… that ordered the government to cut greenhouse gas cut the nation’s greenhouse gas emissions by 25 percent from 1990 levels by the end of 2020. Because of climate change, “the lives, wellbeing and living circumstances of many people around the world, including in the Netherlands, are being threatened,” Kees Streefkerk, the chief justice, said in the decision. “Those consequences are happening already.”
There was nothing in the NDC that refers the Netherlands in specific or to the year 2020. Nor does it mention the very general statement about “combating climate change” that appears in the British judge’s argument. Instead, these two countries’ justice systems appear to have extrapolated the Paris Agreement’s necessary commitments and are holding their governments to their words. These decisions have major economic impacts. There is no obvious ranking here but the NDC itself reflects the willingness of the signatories to abide by the Paris agreement. The judge is making a subjective interpretation regarding whether the Heathrow expansion is consistent with the commitment.
The second example comes from China. A publication in Nature addresses the UN’s Sustainable Development Goals (see my October 6, 2015 blog):
“Assessing progress towards sustainable development over space and time” by Zhenci Xu et al
To address global challenges1–4, 193 countries have committed to the 17 United Nations Sustainable Development Goals (SDGs)5. Quantifying progress towards achieving the SDGs is essential to track global efforts towards sustainable development and guide policy development and implementation. However, systematic methods for assessing spatio-temporal progress towards achieving the SDGs are lacking. Here we develop and test systematic methods to quantify progress towards the 17 SDGs at national and subnational levels in China. Our analyses indicate that China’s SDG Index score (an aggregate score representing the overall performance towards achieving all 17 SDGs) increased at the national level from 2000 to 2015. Every province also increased its SDG Index score over this period. There were large spatio-temporal variations across regions. For example, eastern China had a higher SDG Index score than western China in the 2000s, and southern China had a higher SDG Index score than northern China in 2015. At the national level, the scores of 13 of the 17 SDGs improved over time, but the scores of four SDGs declined. This study suggests the need to track the spatio-temporal [sic] ynamics of progress towards SDGs at the global level and in other nations.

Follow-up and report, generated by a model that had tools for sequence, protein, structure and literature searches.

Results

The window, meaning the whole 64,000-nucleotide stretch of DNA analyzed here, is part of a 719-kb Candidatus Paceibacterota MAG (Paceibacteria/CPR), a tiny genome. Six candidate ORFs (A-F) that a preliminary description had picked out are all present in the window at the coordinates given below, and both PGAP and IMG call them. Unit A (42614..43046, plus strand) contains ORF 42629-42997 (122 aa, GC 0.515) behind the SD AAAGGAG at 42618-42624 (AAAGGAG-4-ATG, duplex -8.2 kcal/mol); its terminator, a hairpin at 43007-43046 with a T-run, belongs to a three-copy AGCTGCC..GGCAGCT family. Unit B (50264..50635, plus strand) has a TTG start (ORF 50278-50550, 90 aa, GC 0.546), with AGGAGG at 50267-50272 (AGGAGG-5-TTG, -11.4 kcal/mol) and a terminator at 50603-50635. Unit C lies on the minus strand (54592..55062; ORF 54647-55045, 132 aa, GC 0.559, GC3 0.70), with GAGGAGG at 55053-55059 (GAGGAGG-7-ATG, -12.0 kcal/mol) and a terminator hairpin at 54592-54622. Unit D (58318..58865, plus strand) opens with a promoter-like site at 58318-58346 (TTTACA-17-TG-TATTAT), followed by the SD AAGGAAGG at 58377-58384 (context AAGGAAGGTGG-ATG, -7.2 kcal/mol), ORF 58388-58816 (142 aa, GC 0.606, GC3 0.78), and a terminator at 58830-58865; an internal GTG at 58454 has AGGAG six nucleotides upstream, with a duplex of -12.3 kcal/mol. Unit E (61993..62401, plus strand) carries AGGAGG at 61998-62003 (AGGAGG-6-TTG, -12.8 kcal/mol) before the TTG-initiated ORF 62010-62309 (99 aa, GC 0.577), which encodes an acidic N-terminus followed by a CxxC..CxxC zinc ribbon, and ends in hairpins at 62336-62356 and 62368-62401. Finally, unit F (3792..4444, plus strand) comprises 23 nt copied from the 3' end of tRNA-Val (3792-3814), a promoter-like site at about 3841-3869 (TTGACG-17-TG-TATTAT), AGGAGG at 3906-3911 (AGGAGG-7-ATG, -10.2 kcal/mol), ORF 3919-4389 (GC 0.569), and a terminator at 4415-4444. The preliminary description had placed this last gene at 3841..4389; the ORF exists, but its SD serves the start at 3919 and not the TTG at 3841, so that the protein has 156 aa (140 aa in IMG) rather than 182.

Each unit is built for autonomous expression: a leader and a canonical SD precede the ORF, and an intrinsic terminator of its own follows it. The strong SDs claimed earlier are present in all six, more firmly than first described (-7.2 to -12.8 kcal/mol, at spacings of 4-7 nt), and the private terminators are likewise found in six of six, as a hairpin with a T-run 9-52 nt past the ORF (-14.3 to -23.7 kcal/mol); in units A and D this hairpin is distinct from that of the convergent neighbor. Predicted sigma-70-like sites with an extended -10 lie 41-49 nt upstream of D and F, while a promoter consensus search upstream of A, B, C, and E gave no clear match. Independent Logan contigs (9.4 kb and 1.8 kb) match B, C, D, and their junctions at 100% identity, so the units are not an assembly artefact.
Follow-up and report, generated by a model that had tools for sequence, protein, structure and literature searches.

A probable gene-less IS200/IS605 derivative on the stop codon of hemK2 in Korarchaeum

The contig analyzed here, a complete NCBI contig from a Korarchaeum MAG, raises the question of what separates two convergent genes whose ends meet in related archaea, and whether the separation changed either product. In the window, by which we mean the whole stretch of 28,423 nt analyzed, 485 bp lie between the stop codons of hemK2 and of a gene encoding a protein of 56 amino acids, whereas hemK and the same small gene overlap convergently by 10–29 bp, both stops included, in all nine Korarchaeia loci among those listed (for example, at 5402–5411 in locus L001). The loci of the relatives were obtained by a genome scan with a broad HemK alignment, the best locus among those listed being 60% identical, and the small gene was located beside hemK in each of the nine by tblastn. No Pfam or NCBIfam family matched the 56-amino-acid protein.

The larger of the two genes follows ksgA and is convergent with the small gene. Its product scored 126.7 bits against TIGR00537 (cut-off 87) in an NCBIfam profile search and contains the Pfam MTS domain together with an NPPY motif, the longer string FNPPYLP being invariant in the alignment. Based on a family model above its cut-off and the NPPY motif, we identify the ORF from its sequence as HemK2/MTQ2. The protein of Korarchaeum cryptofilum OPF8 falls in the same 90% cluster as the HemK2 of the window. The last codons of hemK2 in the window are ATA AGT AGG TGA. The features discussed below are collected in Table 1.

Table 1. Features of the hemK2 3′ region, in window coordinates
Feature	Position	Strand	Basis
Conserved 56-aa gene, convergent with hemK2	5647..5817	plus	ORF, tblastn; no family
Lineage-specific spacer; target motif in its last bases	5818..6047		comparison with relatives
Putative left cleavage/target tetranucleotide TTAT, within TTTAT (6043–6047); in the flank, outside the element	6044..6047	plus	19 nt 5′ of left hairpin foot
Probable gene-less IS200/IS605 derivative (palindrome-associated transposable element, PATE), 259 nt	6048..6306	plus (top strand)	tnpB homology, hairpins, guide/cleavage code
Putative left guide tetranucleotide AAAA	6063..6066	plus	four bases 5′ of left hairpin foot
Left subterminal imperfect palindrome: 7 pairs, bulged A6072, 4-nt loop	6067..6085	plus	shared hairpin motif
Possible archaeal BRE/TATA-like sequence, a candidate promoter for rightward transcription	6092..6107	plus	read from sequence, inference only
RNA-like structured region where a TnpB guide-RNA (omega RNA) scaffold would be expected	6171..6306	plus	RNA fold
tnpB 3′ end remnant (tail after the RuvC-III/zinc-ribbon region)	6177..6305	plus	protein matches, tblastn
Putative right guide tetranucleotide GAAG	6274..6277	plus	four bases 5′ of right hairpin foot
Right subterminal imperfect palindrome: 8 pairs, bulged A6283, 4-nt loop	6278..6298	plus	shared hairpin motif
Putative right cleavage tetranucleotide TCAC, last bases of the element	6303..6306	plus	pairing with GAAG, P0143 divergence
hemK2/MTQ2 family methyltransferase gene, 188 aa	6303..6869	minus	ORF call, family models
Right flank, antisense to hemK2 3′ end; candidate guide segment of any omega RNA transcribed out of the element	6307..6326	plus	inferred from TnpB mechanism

Figure 1 shows the UN’s sustainable development goals that the paper analyzes.
Figure 1 – Sustainable Development Goals of the UN
The paper’s results are shown in Figure 2.
Figure 2 – Changes in China’s SDG index score and individual SDG scores.
The article contains two very dense pages with very subjective criteria that the authors use to weigh the original SDG scores shown in Figure 1 against the overall score shown in Figure 2. One of the reasons that the paper was accepted for publication in such a prestigious journal, in spite of its subjectivity, is that it can be duplicated in most other countries and thus compared. Unfortunately, this kind of work can be weaponized to serve the political ends of various governments. If they simply adjust the weight they give to contributions of individual components, they can achieve the impacts necessary to accomplish specific political ends.
Here again, there is no obvious ranking comparing the Chinese efforts to those of other countries but there is an analysis of the entire effort in terms of time scale. Since this comes with a very detailed methodology, any other country can compare China’s efforts to its own reality and in this way provide the data necessary for such ranking.
In the next blog I will expand on this issue and provide some details on the methodology so that we can all rank whatever we wish.